Also how few houses per year are sold, around a hundred per year which would not justify one estate agent in the UK let alone the dozens in the town!!! No wonder the commissions are so high!


I paid €150 per m2 and expect to sell for €3000 +

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Chancer: haven't you realised that very few people here actually read links, let alone try to understand them before posting? [6]

As you have made clear several times the prices shown there are the real prices paid for all the sales in a particular location, not some notional figure.

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I don't want to just pick on the Dordogne, but I will.

In the loverly place of Domme (little town discussed in another thread) the first house on greed acres is a whopping 200,000 euros overpriced.

The 60 sq metre one below it, 100,000 euros over priced.

I rest my case.

My house (on the edge of Tours) being very conservative is valued at 500,000 according to that website. I will get 430,000 for it with the wind behind me. So even these valuation websites overestimate.

Vivre la France.
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I had forgotten that we have someone who knows better than the tax office and the notaires.

Forget the fact that all the details on the site Chancer told us about are the actual prices paid, not a valuation, not an estimate, not an asking price.

ALBF knows best.[:-))]


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@ Norman.

Well you will have to blame my 'frog in doors' because she feeds me with all this shît. But then again her mum was a property layer and father a senior director of a very well known bank....and she, well she is very gifted in finance.

As for notaires, we got shown around a house once by a notaire. 350,000 euros it was valued and it was a renovation. After we left the house I said that it was only worth the land + the demolition. Lets say 100k tops. She said 'why', and I said because that part of the house is just (literally) about to fall down. I suggested also that access to the property should be blocked before someone is killed. Funnily enough, the house was taken down from sale.

A Notaire valued the last house we sold for 50,000 euros less than we sold it for.

Notaires !!!!! Some are good some not so much.

ALBF knows everything.
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[quote user="alittlebitfrench"]I don't want to just pick on the Dordogne, but I will. [/quote]

Well then, DON'T, please!

After your one and only visit for a single day to the Dordogne, please do not presume that you know all about all of the Dordogne.

Clearly, you do not have a clue as to what a diverse and varied area the Dordogne is!  Why do you persist in your ridiculous assumptions that you know all that there is to know?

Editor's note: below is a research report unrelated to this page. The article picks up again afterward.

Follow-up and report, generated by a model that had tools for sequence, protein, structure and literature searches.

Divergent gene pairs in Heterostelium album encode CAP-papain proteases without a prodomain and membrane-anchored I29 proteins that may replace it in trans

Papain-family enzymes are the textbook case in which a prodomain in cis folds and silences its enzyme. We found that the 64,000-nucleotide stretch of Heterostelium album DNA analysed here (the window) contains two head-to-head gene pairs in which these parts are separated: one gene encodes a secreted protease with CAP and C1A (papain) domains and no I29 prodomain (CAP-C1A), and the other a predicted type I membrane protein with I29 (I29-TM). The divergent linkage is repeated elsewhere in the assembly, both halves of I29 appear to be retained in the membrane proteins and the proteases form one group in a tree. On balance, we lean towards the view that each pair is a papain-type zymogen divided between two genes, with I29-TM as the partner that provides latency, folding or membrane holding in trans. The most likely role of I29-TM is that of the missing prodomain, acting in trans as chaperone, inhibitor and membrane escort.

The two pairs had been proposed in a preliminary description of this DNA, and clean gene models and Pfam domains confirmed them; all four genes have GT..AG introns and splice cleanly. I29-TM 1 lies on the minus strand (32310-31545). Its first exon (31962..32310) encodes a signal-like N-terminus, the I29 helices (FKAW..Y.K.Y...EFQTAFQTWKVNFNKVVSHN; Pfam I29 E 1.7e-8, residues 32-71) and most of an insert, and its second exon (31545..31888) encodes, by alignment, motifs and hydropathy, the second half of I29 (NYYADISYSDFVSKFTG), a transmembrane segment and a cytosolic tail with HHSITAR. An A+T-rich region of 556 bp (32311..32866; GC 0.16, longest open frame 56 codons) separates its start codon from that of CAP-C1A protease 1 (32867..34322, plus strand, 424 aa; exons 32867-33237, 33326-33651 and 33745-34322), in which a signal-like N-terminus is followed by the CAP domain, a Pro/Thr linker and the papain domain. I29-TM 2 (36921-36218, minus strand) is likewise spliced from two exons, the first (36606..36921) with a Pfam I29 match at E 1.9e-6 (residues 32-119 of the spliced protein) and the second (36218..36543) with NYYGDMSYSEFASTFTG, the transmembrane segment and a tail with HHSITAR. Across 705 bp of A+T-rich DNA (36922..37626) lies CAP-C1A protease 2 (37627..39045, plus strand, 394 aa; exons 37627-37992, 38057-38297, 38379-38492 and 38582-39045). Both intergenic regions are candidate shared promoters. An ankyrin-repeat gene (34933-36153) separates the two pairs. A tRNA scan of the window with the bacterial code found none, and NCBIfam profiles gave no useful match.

OK, last post on this thread as, not being typically British, I have no interest whatsoever in house prices in France or in the UK and I have promised myself that I will no longer be piqued by what anyone else says on this subject.

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Mint said...

"not being typically British, I have no interest whatsoever in house prices in France or in the UK "

Do you not think people in France are worried about house prices, the cost and standard of living ? Wake up my dear. Of course they are.

Furthermore, if the British were not worried about house prices, why would they chase a dream in France ? Is it the food ???? No, it is house prices.

Minty, I am not picking on the Dordogne. I am proving a point to those young families reading this who wish to move to France from the UK who are (lets face it) getting ripped off in that part of the world. Yes you can move to France, but don't start you new life 100,000 euros poorer than you should do. The Dordogne is a magnet for that.

As far as retired expat folk are concerned, you are bigger and and ugly enough to make your own decisions.
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[quote user="alittlebitfrench"] This is the best website for checking prices: http://www.meilleursagents.com/prix-immobilier/sarlat-la-caneda-24200/



You are right Norman, he doesn't get it, never mind, you can lead a horse to water but cannot make it drink.


A shame, the info is right there on his impôts home page and I know he would really make hay with the TRUE SALES RESULTS there not what people with vested interests or an agenda want people to believe that property prices are/should be, - now who does that remind me of [:D]


I dont think people in general in France are concerned about house prices, around here once they have bought their first house (if they ever do) they rarely move until they die, I'll check the mumbers again but it takes a lot of page loading but it was around 100 houses sold last year in the town catchment area with a population of close to 30,000, my business in the UK with residential customers I would count on losing 9% a year just from people moving (average every 11 years), on that basis the people in my region of France are 27 times less likely to move, granted there are renters amongst them but they tend to never move, they usually spend all their money on drink, food, holidays and tat and will be in arrears so do not have a clean dossier to ever move and wont have saved up for the deposit to buy.

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Chancer' You are right Norman, he doesn't get it'

possibly.....but then I am dealing old folk who have lived in the UK to long.

Chancer said 'I dont think people in general in France are concerned about house prices'

Do you really think that ?

What happened two years ago in terms of house prices is completely irrelevant. Historical data is not important. What is happening today that counts. Really !!